Forest School Movement in the News
Forest Kindergartens Push Back Against Academic Focus for Young Kids
KQED The California Report Nov 14, 2014
by Katrina Schwartz full article & audio
For many children, even young ones, school has become more of a training ground for the tests used to measure the efficacy of their teachers and schools than a place to learn about the world. As pressure to focus on academics pushes into ever younger grades, some parents are being drawn to alternatives that they hope will help inspire their children to discover a lifelong love of learning.
Children are being connected to Nature right in the Library (with a section on "The Rise of Forest Schools")
School Library Journal Dec 23, 2015
by Rebecca Zarazan Dunn full article
A “back-to-nature” movement is afoot at schools and libraries across the country. Forest schools, also called “nature schools” for preschool and kindergarten-aged children, are popping up across North America...
THE RISE OF FOREST SCHOOLS
Starting in the 1950s, many European countries adopted the early childhood practice of child-led inquiry in outdoor environments. Snow, wind, rain, or shine, children are outside with their instructors engaging in free play. With no rigid academic standards, are these students behind when they enter grade school? Far from it. Many of the countries that implement a forest school model, such as Switzerland and those in Scandinavia, are some of the smartest and happiest countries in the world.
Now, this movement is starting to take off here at home. Lia Grippo, founder, director, and preschool lead teacher of Wild Roots Forest School in Santa Barbara, CA, believes the growth of nature-based schools has been fueled by both educators and parents. “Recent trends in early-years education have moved towards a focus on acquiring and drilling direct academic skills and facts, and away from play and alternatives that honor the needs of young children for near constant motion and play. One might say [parents] are looking to give children a more natural childhood.”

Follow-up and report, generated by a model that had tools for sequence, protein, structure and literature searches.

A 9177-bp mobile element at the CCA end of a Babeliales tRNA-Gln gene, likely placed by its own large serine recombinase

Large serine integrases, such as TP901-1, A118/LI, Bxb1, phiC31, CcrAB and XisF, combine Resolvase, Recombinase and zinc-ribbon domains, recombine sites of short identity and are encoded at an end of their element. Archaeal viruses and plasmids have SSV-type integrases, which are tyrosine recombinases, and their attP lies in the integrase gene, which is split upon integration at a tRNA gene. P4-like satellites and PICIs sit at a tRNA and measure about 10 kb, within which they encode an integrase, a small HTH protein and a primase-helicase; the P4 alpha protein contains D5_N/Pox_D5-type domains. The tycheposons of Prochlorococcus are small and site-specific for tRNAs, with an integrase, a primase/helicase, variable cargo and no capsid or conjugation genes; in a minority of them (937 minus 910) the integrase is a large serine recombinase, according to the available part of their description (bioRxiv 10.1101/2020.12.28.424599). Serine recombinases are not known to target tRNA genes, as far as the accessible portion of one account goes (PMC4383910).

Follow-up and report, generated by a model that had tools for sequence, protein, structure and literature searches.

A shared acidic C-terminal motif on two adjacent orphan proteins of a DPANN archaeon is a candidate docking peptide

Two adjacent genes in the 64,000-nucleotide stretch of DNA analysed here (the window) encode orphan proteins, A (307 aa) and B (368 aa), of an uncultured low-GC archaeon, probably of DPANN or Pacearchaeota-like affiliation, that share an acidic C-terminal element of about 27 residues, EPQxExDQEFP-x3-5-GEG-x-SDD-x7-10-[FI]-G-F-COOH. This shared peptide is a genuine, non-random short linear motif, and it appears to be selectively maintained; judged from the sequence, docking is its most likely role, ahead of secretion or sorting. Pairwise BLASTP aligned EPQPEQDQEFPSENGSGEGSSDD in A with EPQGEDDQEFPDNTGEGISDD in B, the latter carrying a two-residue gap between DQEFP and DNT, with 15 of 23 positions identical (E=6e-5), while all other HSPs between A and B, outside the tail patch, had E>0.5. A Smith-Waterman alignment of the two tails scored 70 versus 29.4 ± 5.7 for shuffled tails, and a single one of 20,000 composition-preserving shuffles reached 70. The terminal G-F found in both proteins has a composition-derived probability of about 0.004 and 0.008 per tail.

Laurel Fynes, kindergarten teacher in Mississauga, Ont., has found support for alternative pedagogies such as nature-based education. The ability to share practices through social media has been a motivating force behind the growth of nature-based education. Both Grippo and Fynes point to the global success of Richard Louv’s book, The Last Child in the Woods (Algonquin, 2008), as a catalyst in the nature education movement.
Trail Quest: Wild Roots Forest School
Songs of the Wilderness, May 30, 2012
by James Wapotich full article
article originally appeared in the Santa Barbara News Press, May 26, 2012
What if it was the power of meaningful play in nature that could change the world, save the environment and make us all better people?
And while the Wild Roots Forest School, doesn’t make this claim, studies have shown that kids who connect with the natural world at an early age are generally more self-confident, independent and creative. And that imaginative play outdoors fosters a sense of wonder and a deeper connection to the natural world...playing outdoors also brings a sense of well being to children and stimulates positive, collaborative social interactions. And that all of these combined can make one better prepared for real world situations and more adept at out of the box thinking.